Institutional investors increasingly are thinking outside the U.S. Barclays Capital Aggregate box for their fixed-income allocations, but market veterans say the shift to less constrained, more global mandates has a long way to go.
Bond guru William H. Gross, the co-chief investment officer of Pacific Investment Management Co. LLC, in his February investment outlook urged investors to pick up the pace. Arguing that the prevailing U.S. low interest rate policy amounts to “robbing savers” — from the man on the street to pension funds — he suggested investors might want to “exorcise” U.S. Treasury bonds from their portfolios in favor of better risk-reward tradeoffs in credit or emerging markets debt.
The precarious fiscal state of the U.S. government is prompting that review of bond allocations.
Roughly 80% of the BarCap Aggregate is tied to the U.S. government, and a continued rise in U.S. debt will leave investors who employ that market-cap weighted index ever more exposed to a single, increasingly strained sovereign risk, noted Erik Knutzen, CIO of Cambridge, Mass.-based investment consulting firm NEPC LLC.
Mr. Knutzen said his team is urging clients to “disaggregate the Agg” — to look at the underlying betas to which they're exposed, while freeing themselves from the constraints of that widely used benchmark.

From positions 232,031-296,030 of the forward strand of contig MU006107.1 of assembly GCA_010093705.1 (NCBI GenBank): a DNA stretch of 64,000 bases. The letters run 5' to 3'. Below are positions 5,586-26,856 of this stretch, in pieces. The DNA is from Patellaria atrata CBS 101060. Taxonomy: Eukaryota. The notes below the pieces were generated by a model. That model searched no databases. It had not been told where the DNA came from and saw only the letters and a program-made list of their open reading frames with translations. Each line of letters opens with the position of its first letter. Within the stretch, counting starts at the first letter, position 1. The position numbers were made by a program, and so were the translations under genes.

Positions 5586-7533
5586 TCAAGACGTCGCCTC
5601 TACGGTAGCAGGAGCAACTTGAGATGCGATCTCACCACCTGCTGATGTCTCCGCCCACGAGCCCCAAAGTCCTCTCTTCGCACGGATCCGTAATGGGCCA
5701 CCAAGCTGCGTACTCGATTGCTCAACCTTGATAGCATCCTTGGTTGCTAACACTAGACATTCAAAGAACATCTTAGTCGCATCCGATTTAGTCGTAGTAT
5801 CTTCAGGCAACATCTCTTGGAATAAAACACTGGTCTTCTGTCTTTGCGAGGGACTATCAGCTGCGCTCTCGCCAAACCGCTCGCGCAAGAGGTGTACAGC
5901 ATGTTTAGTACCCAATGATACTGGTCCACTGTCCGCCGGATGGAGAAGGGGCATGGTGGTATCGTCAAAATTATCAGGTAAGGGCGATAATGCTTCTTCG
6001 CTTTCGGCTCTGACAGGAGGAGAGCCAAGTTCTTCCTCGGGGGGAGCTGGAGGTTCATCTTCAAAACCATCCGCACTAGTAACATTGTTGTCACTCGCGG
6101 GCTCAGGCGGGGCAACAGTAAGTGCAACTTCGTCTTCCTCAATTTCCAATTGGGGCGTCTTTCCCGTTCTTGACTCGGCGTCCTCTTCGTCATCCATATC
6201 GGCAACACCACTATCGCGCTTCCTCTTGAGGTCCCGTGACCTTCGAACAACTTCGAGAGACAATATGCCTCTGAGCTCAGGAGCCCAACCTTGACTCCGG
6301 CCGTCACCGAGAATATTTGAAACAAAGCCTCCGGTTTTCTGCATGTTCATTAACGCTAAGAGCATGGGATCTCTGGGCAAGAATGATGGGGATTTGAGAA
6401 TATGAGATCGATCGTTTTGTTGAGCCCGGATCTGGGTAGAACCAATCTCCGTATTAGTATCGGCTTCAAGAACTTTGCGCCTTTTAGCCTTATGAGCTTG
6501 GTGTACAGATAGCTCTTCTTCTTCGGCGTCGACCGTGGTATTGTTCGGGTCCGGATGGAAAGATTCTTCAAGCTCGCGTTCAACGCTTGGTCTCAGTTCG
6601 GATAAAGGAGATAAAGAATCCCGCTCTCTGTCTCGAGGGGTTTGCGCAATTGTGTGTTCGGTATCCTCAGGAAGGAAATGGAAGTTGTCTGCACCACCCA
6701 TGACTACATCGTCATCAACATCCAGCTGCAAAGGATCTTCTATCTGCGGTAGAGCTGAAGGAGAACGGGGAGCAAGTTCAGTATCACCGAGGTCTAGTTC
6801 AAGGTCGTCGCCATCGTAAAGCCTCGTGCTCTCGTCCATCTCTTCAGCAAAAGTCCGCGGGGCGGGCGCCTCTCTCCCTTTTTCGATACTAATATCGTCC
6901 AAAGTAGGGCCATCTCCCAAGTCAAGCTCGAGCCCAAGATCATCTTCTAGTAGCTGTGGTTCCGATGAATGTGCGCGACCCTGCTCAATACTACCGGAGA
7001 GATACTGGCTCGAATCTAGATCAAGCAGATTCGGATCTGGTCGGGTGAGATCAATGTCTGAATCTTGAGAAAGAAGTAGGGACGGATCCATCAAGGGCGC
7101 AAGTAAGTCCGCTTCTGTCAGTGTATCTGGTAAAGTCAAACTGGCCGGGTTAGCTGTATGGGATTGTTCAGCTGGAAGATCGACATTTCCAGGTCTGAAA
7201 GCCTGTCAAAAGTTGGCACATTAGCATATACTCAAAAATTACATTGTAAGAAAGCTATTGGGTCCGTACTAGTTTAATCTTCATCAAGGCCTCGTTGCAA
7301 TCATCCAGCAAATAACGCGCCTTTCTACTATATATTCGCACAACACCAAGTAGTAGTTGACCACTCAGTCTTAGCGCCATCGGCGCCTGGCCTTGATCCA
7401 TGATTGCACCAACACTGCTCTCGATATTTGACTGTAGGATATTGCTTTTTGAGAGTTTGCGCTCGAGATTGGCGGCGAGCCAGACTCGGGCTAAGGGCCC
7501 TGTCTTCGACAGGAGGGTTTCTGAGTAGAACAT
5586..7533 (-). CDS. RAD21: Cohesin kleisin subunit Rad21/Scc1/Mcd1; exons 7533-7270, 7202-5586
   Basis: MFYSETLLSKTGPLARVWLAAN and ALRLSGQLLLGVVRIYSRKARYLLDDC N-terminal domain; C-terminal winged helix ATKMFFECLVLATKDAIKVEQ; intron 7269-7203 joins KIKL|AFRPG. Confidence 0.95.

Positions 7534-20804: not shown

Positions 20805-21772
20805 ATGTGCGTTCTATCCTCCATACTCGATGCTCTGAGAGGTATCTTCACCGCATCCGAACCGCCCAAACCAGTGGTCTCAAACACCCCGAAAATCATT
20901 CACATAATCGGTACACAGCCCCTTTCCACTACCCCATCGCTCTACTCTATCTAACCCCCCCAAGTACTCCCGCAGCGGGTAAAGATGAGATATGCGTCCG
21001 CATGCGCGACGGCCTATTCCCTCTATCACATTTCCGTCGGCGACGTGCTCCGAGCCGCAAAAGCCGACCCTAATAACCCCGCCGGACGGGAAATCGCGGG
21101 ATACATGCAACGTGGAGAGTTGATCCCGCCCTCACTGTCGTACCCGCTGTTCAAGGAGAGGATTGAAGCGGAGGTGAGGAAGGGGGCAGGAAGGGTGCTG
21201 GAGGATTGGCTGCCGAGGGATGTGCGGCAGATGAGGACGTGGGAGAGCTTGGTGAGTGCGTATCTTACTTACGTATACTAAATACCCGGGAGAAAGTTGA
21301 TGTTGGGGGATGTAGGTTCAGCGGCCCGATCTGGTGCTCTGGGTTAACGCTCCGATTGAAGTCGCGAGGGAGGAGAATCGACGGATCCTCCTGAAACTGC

(updated with correction)
A number of bond veterans are reaching similar conclusions.
There's growing sentiment that institutional investors should “bag the Agg,” because elements of a BarCap Aggregate-indexed core-bond portfolio “may not be what investors want or need,” said Matthew Toms, a senior vice president and head of U.S. public fixed-income investments for ING Investment Management, Atlanta.
Mr. Toms said that kind of soul-searching is prompting growing interest in “more creatively designed benchmarks,” more global in nature, to complement the BarCap Agg.
Newport Beach, Calif.-based PIMCO offered one alternative in the summer of 2009 - its Global Advantage Bond index, which weights allocations by gross domestic product rather than by the market capitalization of outstanding debt.
In 2010, meanwhile, Research Affiliates LLC, also based in Newport Beach, introduced fundamentally weighted investment-grade and high-yield bond indexes. In the coming months it will come out with global sovereign and emerging markets fundamental indexes, weighted by GDP, population, land mass and energy use as proxies of factors of production, said Robert D. Arnott, the company's chairman and CEO.